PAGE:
My Friend Mack

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The first indication something was wrong came early on Friday night from Facebook. Cryptic posts sending him prayers and hope and love. Then, around eleven came a text from my cousin Mary Jo, who knew Mack well. My heart sank lower with every word I read. By the time I came to “imminent”, all I could say was, “Oh no.”

I had seen him just two weeks before in Hot Springs, at a wedding reception for Mary Jo’s daughter. Just after Mack arrived Mary Jo took me aside. “I wanted to prepare you before you see him,” she told me. “He’s been sick.” she said.  “It’s his liver.” I followed her down a hall in a daze, my thoughts swirling as I tried to process what I had just learned. She led me to the room where the dinner buffet was laid out on a long table. Dozens of guests milled about, but a big man stands out in a crowd, and it took me only a second to find him. I leaned against a high-top table and sipped on a beer while he took his turn at the carving station. When he finally noticed me he smiled and I greeted him with the words that had grown to be our customary salutation over the years. Smiling back, I said,  “What do you say, asshole.”

He sat at our table for dinner, and we tried to talk over the music, but the band was very loud. I managed to hear him say he stopped drinking six weeks ago. I asked him if it was hard. He said, “No”, and that surprised me. He told me his mother was worried. “She calls four times a day,” he said. He told me he was going to the Mayo Clinic for a consultation. “That’s part of it,” Mary Jo said later.  “He’s hoping to get on their transplant list.”

We were classmates in high school, but back then we were not friends. Not because I didn’t know him. In fact, I thought I knew him very well. At seventeen he was everything most high school boys, including me, dreamed of being. He was athletic; quarterback of the varsity for a time. He was teen-idol handsome. He had swagger born from confidence. He was blessed with the physique of a teenage Adonis. Girls flocked to him like moths to a flame. He was the alpha-male, but I thought he was an arrogant jerk.

He had fixed himself a heaping plate of food at the buffet, which I took as a positive sign, because having an appetite is always good, isn’t it? But when he finished he said it was getting late and he thought he better get home. It was barely nine o’clock. I walked him out of the ballroom and tried to think of parting words that were fitting for that moment, but I couldn’t find them.  In the end the best I could do was, “Please keep me posted.”

“They tell me things are manageable,” he said. “I’ll call you.”

After high school we took different paths, but we both made our way back home a few years later. I had just graduated from college and was newly married. My wife, without asking my opinion about it, struck up a friendship with his wife, of all people. So we were thrown together by circumstance. I was not enthusiastic at first. But I found at least one of us had changed in the intervening years, and I can’t say for certain who it was. Most likely we both did. We hit it off right from the start. For the next eight years he was my closest friend.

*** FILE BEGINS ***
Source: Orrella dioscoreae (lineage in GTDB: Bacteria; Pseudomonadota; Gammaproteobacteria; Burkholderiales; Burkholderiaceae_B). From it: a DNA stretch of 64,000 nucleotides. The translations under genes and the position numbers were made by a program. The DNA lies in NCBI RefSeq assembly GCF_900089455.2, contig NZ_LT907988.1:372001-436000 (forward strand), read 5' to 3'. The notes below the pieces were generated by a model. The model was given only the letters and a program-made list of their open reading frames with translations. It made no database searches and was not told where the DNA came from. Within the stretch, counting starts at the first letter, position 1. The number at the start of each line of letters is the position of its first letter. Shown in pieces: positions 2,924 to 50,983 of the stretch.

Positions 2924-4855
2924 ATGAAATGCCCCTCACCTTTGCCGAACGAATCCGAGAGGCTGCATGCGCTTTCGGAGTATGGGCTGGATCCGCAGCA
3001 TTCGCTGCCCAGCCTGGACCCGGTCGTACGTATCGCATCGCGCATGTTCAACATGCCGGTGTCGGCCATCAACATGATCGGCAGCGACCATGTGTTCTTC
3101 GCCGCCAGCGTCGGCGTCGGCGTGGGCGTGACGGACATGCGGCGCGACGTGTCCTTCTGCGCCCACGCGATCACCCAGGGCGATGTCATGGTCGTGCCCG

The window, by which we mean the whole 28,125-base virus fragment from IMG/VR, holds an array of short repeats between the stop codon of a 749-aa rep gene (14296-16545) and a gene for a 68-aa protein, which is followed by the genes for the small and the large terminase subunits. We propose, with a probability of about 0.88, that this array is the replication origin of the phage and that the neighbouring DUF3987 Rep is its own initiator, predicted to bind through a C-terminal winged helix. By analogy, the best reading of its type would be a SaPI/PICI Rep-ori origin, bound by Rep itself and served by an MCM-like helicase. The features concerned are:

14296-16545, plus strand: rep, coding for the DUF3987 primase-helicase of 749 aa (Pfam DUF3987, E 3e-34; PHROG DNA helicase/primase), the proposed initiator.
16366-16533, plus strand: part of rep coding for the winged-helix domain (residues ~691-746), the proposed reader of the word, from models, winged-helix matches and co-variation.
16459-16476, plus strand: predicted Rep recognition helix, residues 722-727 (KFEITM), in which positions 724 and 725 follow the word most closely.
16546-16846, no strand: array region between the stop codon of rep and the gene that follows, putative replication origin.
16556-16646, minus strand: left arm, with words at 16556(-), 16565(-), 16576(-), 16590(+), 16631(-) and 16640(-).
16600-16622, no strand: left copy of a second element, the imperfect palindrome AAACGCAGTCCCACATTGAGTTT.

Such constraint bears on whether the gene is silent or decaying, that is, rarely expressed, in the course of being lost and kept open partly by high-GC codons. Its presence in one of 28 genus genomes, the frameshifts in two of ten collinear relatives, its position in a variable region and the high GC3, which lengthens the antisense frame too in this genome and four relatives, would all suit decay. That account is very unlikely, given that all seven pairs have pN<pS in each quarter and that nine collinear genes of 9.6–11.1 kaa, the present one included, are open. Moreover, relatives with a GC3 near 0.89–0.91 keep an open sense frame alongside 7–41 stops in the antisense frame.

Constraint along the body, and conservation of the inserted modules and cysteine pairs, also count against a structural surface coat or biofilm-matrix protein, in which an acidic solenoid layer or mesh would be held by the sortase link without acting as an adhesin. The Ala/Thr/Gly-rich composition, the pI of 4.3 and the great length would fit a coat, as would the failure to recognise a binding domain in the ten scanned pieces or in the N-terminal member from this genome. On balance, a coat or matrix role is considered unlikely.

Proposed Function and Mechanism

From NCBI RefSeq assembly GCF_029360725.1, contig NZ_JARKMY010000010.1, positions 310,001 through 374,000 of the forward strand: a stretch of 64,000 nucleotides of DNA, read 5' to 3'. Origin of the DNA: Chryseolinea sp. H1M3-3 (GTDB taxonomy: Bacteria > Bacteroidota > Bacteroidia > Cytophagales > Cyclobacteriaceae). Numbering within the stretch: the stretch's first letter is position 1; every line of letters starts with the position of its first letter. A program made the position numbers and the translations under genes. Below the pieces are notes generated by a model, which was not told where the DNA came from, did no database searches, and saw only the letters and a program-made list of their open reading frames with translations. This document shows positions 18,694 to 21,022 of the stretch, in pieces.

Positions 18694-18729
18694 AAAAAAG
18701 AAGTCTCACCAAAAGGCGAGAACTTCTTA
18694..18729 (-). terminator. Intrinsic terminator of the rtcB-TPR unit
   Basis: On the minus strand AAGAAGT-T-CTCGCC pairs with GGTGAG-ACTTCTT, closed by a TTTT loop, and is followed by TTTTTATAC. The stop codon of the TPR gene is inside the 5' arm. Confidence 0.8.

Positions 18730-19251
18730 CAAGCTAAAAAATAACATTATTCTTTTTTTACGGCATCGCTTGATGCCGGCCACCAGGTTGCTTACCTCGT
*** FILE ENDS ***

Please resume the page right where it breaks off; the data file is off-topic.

We shook hands in the hall outside the ballroom and said goodbye. “I feel good,” he told me, but his eyes said he was lying. That was the moment I thought I might lose it. From the mezzanine balcony I watched him schuffle across the hotel lobby to the exit, and when he disappeared in the revolving door I knew somehow, deep down, that I would never see him again.

I went back to my table and thought about the countless hours we had spent together when we were younger, three decades ago, before I moved away. I remembered how we played bad golf with regularity, hunted ducks in cold rice fields, took trips together with our wives, played late night games of poker. Before our children were born we met at his house almost every weekend, shooting pool and drinking; the stereo cranked up as loud as we pleased. We stayed until three in the morning, sometimes later. More than once we saw the sun rise. We never worried about anything. We were young and we were bulletproof.

We kept in touch through the passing years by phone and email. It wasn’t the same, but it was the best we could do. He retired at fifty-eight and moved to his house boat on the lake. Not long afterward I went to see him. We stayed up late, talking deep into the night about times gone bye. I drank beer, he had whiskey. The house boat rocked in its slip. Fish splashed unseen in the dark. Moonlight glimmered on the water. I’ll never forget it for as long as I live.

They’ll lay him to rest later today, in a small church cemetery in Arkansas, near the hunting camp he loved. They’ll gather beneath a funeral home tent in the August heat to hear readings from Ecclesiastes. Ladies will fan themselves. Men will tug at tight collars. They will praise his good qualities, and rightly so, because he had many. He will sleep for eternity just a few steps from his father. His mother doesn’t have to worry about him any more.

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About Truman

I find myself on the downside of my sixtieth year, older but not old, wiser but not wise, and still wondering what I want to be when I grow up.
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